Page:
• 23. Routing Strategies Fixed Flooding Random Adaptive
  • 24. Fixed Routing Single permanent route for each source to destination pair Determine routes using a least cost algorithm (appendix 10A) Route fixed, at least until a change in network topology
  • 25. Fixed Routing Tables
  • 26. Flooding No network info required Packet sent by node to every neighbor Incoming packets retransmitted on every link except incoming link Eventually a number of copies will arrive at destination Each packet is uniquely numbered so duplicates can be discarded Nodes can remember packets already forwarded to keep network load in bounds Can include a hop count in packets
  • 27. Flooding Example
  • 28. Properties of Flooding All possible routes are tried Very robust At least one packet will have taken minimum hop count route Can be used to set up virtual circuit All nodes are visited Useful to distribute information (e.g. routing)
  • 29. Random Routing Node selects one outgoing path for retransmission of incoming packet Selection can be random or round robin Can select outgoing path based on probability calculation No network info needed Route is typically not least cost nor minimum hop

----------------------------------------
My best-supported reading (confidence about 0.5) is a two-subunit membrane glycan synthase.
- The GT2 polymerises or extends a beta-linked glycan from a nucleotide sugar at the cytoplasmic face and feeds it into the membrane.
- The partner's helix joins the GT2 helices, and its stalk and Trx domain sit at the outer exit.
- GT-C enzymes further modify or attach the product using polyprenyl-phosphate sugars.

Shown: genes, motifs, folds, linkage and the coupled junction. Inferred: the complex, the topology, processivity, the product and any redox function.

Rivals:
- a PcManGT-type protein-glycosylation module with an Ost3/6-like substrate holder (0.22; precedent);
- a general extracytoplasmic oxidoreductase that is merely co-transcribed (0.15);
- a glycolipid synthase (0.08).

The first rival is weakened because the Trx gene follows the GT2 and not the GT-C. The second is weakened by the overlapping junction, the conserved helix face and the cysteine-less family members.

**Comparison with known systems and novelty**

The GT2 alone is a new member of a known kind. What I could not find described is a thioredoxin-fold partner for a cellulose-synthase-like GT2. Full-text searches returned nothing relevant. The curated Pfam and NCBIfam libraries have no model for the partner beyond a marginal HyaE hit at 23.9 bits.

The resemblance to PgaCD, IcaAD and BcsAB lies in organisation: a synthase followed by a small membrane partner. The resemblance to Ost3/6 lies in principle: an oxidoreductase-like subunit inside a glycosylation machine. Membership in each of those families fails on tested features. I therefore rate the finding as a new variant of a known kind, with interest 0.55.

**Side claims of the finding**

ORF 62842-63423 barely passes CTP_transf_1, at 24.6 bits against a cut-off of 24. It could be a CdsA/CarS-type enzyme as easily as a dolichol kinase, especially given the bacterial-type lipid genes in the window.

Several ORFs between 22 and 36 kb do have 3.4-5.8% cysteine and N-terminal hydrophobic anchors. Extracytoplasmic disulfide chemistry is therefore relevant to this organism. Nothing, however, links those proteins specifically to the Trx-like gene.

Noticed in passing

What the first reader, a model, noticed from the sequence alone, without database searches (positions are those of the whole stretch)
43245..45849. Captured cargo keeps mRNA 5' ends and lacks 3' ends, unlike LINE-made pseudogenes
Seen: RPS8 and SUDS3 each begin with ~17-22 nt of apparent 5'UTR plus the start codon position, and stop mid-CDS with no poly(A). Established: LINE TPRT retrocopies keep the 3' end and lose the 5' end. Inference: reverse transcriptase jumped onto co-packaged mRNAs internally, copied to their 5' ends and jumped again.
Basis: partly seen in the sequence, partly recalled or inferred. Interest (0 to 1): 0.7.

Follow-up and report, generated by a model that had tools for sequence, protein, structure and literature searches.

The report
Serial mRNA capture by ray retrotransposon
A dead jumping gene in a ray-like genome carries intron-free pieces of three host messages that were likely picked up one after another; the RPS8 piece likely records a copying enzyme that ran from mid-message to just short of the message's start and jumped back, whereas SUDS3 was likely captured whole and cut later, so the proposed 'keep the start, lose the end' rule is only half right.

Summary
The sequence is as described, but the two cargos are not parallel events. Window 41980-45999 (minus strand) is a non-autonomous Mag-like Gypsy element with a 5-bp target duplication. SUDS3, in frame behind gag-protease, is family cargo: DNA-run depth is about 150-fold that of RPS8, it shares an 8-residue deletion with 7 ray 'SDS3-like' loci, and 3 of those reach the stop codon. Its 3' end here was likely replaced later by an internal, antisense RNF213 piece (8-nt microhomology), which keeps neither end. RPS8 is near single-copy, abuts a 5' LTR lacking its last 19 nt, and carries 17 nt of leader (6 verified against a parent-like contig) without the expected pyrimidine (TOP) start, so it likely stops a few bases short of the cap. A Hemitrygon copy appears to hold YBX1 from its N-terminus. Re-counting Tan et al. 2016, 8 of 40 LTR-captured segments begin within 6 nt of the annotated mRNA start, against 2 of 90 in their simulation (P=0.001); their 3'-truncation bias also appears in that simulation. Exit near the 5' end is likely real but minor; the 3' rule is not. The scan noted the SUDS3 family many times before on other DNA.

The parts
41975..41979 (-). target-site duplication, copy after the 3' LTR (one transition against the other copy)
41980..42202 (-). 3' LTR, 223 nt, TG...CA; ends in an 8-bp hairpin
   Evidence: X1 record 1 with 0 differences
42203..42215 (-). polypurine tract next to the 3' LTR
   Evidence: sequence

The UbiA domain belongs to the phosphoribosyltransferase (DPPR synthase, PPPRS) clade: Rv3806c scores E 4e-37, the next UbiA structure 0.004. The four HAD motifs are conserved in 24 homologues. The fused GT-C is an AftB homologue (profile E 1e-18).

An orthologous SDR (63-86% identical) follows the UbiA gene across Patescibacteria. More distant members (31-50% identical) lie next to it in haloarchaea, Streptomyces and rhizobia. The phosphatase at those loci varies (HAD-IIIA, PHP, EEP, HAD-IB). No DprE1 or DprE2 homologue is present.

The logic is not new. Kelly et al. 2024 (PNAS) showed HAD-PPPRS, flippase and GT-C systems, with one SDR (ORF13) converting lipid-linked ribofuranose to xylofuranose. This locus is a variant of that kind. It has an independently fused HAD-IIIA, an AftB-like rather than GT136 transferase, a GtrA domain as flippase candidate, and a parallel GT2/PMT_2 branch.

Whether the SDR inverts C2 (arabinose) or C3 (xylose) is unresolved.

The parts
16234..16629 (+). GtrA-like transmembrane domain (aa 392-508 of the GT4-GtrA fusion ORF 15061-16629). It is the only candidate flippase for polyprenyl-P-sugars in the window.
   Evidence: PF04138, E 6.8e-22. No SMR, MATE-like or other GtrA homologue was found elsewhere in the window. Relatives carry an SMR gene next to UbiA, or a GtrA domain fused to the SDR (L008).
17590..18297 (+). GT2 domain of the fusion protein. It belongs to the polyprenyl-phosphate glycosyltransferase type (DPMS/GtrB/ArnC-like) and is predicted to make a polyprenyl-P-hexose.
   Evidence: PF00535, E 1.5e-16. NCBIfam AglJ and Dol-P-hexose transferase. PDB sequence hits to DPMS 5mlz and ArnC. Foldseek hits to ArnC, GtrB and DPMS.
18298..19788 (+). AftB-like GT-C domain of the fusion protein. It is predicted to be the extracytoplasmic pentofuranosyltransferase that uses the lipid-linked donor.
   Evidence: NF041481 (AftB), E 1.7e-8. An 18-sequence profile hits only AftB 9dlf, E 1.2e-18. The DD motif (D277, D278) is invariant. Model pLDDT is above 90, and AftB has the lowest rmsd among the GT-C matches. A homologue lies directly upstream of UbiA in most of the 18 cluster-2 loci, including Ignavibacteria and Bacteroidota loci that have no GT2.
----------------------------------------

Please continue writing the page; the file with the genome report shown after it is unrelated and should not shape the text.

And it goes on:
• 30. Adaptive Routing Used by almost all packet switching networks Routing decisions change as conditions on the network change Failure Congestion Requires info about network Decisions more complex Tradeoff between quality of network info and overhead Reacting too quickly can cause oscillation Too slowly to be relevant
  • 31. Adaptive Routing - Advantages Improved performance Aid congestion control (See chapter 12) Complex system May not realize theoretical benefits
  • 32. Classification Based on information sources Local (isolated) Route to outgoing link with shortest queue Can include bias for each destination Rarely used - do not make use of easily available info Adjacent nodes All nodes
  • 33. Isolated Adaptive Routing
  • 34. ARPANET Routing Strategies(1) First Generation 1969 Distributed adaptive Estimated delay as performance criterion Bellman-Ford algorithm (appendix 10a) Node exchanges delay vector with neighbors Update routing table based on incoming info Doesn't consider line speed, just queue length Queue length not a good measurement of delay Responds slowly to congestion